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THE UNITED STATES Bank De
Jackson's various steps in his opposition to the Bank of the United States have been noted on pages 204-215. Believing that the bank was unsound, Jackson, in the summer of 1833, directed the Secretary of the Treasury to remove the public deposits therefrom. The Secretary declined and was removed; a successor was appointed and soon dismissed. Attorney-General Taney was then appointed Secretary; and the order for the removal was issued by him on September 26th. On September 18th Jackson presented to his Cabinet the following“ paper,” recounting his views and actions. Text in “Congressional Globe” (1833-35), Vol. I., pp. 59-62. (See page 54.)
Having carefully and anxiously considered all the facts and arguments, which have been submitted to him, relative to a removal of the public deposites from the bank of the United States, the President deems it his duty, to communicate in this manner to his cabinet the final conclusions of his own mind, and the reasons on which they are founded, in order to put them in durable form, and to prevent misconceptions.
The power of the secretary of the treasury over the deposites is unqualified. The provision that he shall report his reasons to congress, is no limitation. Had it not been inserted, he would have been responsible to congress, had he made a removal for any other than
WILLIAM J. DUANE (Secretary of the Treasury in 1833. He opposed President Jackson's action in the matter of the United States Bank, and was dismissed from office within four months of his appointment. He was succeeded by Roger B. Taney)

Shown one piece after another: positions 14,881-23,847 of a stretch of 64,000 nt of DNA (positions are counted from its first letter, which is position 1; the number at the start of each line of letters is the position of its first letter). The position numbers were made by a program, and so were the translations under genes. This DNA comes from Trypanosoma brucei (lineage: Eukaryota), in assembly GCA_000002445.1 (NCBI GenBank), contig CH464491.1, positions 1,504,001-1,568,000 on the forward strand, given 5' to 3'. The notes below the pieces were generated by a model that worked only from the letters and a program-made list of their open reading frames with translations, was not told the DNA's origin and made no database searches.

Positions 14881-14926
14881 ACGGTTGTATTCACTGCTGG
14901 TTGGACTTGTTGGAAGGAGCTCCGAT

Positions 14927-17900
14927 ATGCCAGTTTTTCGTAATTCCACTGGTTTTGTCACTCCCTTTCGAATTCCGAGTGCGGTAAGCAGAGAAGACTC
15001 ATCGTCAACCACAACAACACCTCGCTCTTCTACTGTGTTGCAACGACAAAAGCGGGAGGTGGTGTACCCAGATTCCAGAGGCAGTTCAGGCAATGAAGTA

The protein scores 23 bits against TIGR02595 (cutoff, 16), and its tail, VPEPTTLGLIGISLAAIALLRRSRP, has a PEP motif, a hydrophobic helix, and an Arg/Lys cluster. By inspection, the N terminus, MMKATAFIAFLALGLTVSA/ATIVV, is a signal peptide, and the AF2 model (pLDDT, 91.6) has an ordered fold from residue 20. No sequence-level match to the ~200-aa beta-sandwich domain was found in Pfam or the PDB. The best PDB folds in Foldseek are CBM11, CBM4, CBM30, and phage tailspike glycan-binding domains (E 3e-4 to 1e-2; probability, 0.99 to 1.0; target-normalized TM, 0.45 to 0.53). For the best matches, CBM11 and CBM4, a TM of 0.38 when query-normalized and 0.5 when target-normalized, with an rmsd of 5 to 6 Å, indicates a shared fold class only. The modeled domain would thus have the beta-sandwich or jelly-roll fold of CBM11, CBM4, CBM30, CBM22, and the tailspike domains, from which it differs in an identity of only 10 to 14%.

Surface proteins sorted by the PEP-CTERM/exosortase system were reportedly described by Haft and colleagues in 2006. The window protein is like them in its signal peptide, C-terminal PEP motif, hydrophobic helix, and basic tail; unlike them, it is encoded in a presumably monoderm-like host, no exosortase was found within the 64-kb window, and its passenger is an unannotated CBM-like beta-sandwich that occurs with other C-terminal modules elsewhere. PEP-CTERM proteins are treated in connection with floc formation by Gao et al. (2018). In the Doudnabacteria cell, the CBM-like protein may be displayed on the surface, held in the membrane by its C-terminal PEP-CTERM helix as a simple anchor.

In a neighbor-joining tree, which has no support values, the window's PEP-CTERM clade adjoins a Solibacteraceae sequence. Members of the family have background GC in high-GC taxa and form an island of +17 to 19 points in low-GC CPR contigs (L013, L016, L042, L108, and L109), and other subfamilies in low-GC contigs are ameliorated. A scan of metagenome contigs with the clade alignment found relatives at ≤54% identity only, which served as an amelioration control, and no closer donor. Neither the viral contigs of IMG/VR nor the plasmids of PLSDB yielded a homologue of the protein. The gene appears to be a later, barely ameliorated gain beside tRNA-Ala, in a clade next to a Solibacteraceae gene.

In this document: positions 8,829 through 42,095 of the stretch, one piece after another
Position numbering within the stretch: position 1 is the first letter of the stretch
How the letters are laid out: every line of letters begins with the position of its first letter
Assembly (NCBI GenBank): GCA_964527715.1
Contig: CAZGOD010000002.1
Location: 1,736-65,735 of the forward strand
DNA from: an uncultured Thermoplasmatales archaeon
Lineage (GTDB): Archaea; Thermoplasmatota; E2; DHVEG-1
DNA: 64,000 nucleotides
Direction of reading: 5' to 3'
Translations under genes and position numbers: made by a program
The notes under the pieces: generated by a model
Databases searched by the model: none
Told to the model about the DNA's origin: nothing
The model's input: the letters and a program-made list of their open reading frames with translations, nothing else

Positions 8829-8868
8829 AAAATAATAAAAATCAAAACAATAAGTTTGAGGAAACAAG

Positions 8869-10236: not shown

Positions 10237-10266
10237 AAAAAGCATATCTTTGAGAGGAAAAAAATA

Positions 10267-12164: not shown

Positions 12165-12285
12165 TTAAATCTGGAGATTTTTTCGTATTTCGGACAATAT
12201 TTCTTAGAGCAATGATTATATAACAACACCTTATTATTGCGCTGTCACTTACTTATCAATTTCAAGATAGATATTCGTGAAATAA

good reasons, and his responsibility now ceases, upon the rendition of sufficient ones to congress. The only object of the provision, is to make his reasons accessible to congress, and enable that body the more readily to judge of their soundness and purity, and thereupon to make such further provision by law as the legislative power may think proper in relation to the deposite of the public money. Those reasons may be very diversified. It was asserted by the secretary of the treasury without contradiction, as early as 1817, that he had power “to control the proceedings” of the bank of the United States at any moment, “by changing the deposites to the state banks,” should it pursue an illiberal course towards those institutions; that “the secretary of the treasury will always be disposed to support the credit of the state banks, and will invariably direct transfers from the deposites of the public money in aid of their legitimate exertions to maintain their credit, and he asserted a right to employ the state banks when the bank of the United States should refuse to receive on deposite the notes of such state banks as the public interest required should be received in payment of the public dues. In several instances he did transfer the public deposites to state banks, in the immediate vicinity of branches, for reasons connected only with the safety of those banks, the public convenience and the interests of the treasury.
If it was lawful for Mr. Crawford, the secretary of the treasury at that time, to act on these principles, it will be difficult to discover any sound reason against the application of similar principles in still stronger cases. And it is a matter of surprise that a power which, in the infancy of the bank, was freely asserted as one of the ordinary and familiar duties of the secretary of the treasury, should now be gravely questioned, and attempts made to excite and alarm the public mind as if some new and unheard of power